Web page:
Although infantile muscular atrophy has been recognized for about 70 years, a comprehensive description of its variable clinical course is generally wanting. The purpose of the present article is to call attention to the wide spectrum of its onset and severity and to correlate these features with the pathological changes.
In 1891 Werdnig1 described 2 brothers who exhibited toward the end of their first year a progressive weakness beginning in the pelvic and thigh muscles. One brother was able to stand before the weakness was obvious. Soon after the weakness appeared in the legs, tremor throughout active movement was noted in their arms and hands. One child died from pertussis at the age of 3 years. Autopsy, which did not include the brain, showed a bilateral, symmetrical loss of anterior horn cells and a glial proliferation in these zones. Clarke's column was intact as were all the tracts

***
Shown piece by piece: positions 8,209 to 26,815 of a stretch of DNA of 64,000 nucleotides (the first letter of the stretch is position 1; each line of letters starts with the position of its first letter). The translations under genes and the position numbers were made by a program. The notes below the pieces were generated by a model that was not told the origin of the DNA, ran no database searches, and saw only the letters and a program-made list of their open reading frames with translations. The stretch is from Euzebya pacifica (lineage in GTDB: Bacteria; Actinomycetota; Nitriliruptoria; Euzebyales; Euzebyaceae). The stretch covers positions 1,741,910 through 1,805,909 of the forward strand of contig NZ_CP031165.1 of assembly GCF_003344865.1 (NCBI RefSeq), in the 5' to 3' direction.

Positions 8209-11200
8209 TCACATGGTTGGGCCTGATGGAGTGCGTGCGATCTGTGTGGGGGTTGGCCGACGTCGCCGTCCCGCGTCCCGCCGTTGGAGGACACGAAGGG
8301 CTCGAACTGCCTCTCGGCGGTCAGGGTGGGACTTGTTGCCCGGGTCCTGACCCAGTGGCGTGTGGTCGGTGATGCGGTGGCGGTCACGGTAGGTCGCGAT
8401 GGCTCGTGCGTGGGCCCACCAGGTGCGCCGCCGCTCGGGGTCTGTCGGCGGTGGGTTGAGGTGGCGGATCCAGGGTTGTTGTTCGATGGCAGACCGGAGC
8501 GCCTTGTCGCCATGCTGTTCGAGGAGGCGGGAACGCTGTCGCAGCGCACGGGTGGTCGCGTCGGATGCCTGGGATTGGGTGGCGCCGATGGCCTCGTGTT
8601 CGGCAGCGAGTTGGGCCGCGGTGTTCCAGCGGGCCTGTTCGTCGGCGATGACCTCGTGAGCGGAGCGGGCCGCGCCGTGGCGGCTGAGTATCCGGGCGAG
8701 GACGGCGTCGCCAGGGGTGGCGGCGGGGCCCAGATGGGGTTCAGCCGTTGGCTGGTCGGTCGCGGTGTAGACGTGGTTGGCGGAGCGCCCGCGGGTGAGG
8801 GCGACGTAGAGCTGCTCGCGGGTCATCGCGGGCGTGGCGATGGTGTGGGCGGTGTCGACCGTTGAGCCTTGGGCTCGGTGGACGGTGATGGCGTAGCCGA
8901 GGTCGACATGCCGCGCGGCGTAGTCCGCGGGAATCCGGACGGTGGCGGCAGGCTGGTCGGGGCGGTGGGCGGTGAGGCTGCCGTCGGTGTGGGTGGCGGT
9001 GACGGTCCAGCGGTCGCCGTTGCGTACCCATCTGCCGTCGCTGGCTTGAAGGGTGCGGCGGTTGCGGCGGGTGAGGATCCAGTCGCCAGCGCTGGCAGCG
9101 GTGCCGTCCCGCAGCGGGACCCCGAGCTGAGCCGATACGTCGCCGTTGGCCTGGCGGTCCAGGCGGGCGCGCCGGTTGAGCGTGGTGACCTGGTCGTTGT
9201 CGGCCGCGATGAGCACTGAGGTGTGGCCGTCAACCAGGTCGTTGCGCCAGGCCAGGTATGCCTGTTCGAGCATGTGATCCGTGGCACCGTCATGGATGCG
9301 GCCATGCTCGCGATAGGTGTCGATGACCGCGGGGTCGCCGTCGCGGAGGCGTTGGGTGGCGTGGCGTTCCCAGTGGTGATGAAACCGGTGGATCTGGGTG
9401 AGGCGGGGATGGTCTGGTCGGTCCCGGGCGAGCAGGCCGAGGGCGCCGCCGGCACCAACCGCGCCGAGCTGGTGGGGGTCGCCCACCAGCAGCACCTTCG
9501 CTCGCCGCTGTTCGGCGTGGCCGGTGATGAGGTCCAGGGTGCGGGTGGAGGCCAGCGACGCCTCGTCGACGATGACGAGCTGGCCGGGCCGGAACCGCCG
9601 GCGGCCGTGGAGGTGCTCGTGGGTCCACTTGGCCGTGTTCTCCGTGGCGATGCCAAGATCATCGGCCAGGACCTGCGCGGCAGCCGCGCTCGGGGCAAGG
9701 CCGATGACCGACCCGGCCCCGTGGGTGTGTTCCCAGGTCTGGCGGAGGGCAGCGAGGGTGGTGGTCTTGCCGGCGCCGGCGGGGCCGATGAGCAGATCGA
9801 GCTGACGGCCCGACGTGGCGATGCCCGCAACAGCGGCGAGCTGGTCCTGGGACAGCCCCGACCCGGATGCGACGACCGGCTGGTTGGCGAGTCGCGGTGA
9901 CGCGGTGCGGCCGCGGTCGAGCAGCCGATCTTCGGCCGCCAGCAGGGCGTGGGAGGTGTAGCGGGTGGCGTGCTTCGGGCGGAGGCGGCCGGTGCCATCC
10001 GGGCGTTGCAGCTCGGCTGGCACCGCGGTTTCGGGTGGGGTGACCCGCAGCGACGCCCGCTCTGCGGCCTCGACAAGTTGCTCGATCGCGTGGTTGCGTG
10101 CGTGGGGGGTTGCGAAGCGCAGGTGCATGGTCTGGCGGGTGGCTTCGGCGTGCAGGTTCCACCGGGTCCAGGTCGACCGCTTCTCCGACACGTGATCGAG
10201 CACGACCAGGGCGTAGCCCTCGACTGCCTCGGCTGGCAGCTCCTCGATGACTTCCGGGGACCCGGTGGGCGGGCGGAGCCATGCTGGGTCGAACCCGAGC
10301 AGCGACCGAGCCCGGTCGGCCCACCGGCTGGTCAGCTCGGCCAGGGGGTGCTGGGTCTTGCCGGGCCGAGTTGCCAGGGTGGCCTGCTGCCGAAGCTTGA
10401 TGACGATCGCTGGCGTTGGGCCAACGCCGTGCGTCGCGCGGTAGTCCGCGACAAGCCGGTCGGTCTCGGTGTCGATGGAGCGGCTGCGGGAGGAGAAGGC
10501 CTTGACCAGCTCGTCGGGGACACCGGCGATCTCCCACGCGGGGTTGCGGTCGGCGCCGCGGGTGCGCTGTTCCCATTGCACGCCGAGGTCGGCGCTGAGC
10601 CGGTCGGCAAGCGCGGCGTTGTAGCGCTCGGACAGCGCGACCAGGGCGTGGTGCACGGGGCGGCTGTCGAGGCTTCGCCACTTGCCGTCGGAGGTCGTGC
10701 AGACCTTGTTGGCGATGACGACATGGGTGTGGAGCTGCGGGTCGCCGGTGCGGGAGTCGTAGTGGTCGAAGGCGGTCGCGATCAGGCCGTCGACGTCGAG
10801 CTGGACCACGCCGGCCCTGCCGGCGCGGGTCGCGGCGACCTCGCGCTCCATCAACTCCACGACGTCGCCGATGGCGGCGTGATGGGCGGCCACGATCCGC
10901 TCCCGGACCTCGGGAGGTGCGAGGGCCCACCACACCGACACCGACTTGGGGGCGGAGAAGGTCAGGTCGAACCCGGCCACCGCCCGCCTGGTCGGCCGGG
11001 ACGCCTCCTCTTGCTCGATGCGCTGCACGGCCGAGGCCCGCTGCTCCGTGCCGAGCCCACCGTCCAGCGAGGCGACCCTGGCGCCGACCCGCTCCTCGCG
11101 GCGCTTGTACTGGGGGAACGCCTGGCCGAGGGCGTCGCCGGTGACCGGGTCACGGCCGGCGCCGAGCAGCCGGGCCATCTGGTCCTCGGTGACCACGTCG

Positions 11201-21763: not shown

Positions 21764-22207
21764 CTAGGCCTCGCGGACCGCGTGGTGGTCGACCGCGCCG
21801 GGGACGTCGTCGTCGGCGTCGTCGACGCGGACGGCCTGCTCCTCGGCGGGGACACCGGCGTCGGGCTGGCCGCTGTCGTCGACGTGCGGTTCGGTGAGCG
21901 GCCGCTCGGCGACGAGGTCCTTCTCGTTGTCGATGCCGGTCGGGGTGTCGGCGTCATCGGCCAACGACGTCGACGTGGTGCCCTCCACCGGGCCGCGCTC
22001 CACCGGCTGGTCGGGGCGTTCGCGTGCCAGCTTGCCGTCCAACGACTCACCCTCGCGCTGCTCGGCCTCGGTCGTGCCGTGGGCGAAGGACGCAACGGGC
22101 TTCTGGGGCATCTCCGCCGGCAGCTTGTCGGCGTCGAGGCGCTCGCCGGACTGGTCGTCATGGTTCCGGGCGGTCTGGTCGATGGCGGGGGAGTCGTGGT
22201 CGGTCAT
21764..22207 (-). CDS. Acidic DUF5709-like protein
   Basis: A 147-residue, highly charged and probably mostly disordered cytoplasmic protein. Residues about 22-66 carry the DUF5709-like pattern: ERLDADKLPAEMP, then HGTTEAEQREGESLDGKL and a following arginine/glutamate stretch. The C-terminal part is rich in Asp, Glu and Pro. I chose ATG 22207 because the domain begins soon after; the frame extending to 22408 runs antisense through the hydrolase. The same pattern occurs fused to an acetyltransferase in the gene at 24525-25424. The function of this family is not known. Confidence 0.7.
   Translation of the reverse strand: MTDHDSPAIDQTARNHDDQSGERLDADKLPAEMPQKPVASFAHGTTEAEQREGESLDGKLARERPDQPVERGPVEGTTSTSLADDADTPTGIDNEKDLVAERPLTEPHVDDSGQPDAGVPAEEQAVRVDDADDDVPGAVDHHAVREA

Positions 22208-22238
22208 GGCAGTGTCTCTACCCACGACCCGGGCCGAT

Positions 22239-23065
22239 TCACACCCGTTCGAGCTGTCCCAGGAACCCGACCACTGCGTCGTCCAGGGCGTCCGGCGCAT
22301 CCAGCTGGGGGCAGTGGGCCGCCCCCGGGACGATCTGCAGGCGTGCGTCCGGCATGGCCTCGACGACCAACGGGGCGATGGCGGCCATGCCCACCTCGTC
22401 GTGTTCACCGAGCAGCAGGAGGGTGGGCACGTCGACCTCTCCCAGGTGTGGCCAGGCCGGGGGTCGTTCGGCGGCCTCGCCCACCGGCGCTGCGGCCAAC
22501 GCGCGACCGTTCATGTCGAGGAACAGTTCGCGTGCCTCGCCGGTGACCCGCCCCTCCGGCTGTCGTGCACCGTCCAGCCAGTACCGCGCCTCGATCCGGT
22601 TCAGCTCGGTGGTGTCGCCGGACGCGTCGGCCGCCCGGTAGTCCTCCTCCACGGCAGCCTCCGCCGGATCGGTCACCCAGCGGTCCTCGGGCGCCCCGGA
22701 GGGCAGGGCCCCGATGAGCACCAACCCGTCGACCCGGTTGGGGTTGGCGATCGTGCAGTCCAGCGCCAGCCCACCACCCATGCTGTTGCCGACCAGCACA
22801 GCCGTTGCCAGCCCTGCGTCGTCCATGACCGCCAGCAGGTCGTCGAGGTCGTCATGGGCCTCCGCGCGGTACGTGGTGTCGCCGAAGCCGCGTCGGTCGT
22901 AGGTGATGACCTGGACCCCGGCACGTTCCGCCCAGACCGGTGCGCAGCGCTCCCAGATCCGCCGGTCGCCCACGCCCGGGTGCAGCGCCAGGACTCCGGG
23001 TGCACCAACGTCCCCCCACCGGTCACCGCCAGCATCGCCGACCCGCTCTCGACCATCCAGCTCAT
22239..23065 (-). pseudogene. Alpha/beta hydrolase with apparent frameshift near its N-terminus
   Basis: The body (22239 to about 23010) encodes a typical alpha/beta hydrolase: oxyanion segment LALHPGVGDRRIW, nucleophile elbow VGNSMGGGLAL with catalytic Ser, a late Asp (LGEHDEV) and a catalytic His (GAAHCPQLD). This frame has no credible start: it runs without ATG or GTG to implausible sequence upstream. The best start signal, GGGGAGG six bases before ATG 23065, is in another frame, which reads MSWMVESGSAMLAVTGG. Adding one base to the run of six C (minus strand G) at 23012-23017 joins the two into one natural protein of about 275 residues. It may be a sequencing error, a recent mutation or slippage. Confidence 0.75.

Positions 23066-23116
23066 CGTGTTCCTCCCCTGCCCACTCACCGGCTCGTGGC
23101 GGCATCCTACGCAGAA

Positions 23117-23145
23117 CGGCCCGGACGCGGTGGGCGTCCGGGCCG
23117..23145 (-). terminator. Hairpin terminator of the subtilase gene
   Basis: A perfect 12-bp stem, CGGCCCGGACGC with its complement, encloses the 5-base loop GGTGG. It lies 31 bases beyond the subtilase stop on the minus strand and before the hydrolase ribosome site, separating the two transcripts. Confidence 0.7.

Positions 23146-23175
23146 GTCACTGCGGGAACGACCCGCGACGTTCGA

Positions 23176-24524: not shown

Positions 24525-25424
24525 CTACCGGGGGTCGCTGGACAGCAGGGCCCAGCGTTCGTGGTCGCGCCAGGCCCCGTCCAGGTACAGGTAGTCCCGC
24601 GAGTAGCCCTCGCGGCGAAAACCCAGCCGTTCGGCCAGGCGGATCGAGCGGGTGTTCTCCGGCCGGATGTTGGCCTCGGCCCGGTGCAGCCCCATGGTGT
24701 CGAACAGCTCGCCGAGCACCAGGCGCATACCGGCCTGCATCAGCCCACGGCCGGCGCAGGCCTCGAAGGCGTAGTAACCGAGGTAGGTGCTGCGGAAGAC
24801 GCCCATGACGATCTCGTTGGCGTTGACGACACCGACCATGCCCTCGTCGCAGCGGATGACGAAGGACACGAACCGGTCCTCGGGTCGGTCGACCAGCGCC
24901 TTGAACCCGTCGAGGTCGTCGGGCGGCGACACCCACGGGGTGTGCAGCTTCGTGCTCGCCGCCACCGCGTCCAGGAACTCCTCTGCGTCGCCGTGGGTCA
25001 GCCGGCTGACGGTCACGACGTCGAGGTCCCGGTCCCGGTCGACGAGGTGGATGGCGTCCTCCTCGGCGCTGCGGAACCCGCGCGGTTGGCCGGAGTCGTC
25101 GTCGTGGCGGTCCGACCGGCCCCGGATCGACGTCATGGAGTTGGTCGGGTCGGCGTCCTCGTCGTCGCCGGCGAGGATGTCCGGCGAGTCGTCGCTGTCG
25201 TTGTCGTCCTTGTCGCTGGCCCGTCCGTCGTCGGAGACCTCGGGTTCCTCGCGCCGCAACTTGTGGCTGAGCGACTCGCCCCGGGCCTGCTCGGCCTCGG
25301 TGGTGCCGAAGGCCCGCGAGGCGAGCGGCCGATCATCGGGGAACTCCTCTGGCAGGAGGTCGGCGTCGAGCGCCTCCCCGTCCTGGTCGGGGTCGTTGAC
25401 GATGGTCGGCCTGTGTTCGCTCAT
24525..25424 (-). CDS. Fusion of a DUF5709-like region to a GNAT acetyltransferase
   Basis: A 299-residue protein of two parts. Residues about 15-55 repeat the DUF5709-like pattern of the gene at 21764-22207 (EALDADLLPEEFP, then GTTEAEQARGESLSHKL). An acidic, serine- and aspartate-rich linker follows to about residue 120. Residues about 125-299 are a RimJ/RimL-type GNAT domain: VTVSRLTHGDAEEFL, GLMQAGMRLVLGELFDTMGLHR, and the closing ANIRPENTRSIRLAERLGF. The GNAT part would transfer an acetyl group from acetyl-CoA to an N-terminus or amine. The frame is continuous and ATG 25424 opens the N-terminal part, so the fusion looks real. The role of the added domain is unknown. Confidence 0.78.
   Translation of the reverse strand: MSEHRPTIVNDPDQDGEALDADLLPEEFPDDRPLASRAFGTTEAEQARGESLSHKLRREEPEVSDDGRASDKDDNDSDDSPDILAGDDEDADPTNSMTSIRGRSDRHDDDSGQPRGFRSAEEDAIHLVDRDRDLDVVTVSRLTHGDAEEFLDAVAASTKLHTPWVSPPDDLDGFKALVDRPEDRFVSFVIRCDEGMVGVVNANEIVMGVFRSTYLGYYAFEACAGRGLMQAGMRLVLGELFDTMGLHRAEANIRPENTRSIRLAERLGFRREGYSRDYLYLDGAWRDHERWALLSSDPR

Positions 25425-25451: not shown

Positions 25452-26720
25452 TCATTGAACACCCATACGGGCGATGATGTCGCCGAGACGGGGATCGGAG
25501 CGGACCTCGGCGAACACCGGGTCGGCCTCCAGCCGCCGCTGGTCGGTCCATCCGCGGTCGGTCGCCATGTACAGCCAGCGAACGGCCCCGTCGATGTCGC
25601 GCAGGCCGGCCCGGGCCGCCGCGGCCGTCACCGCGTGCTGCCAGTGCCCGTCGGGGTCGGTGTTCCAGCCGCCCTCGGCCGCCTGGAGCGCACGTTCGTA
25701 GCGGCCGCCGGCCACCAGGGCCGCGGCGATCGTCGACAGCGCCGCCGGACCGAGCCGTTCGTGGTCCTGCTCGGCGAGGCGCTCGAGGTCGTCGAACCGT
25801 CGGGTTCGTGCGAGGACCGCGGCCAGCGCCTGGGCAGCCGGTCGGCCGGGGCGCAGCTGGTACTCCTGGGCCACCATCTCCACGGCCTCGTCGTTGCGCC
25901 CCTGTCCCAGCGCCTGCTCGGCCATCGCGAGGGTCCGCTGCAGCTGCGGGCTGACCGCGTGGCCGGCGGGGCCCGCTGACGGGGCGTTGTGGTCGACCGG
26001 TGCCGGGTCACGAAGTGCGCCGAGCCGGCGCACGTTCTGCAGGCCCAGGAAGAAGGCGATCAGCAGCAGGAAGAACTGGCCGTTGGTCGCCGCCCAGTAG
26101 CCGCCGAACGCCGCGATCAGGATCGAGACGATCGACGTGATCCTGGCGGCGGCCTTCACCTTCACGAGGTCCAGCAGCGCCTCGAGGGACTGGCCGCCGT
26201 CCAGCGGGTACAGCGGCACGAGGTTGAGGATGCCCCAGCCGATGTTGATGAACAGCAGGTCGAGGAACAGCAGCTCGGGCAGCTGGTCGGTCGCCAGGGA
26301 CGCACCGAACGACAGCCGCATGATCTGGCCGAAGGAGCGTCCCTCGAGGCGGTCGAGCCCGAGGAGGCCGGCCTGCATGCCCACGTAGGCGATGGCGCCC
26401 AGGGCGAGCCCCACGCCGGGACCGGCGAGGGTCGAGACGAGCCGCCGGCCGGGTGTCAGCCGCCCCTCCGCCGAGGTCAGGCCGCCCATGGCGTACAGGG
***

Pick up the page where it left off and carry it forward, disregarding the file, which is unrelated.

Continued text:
BYERS RK, BANKER BQ. Infantile Muscular Atrophy. Arch Neurol. 1961;5(2):140–164. doi:10.1001/archneur.1961.00450140022003
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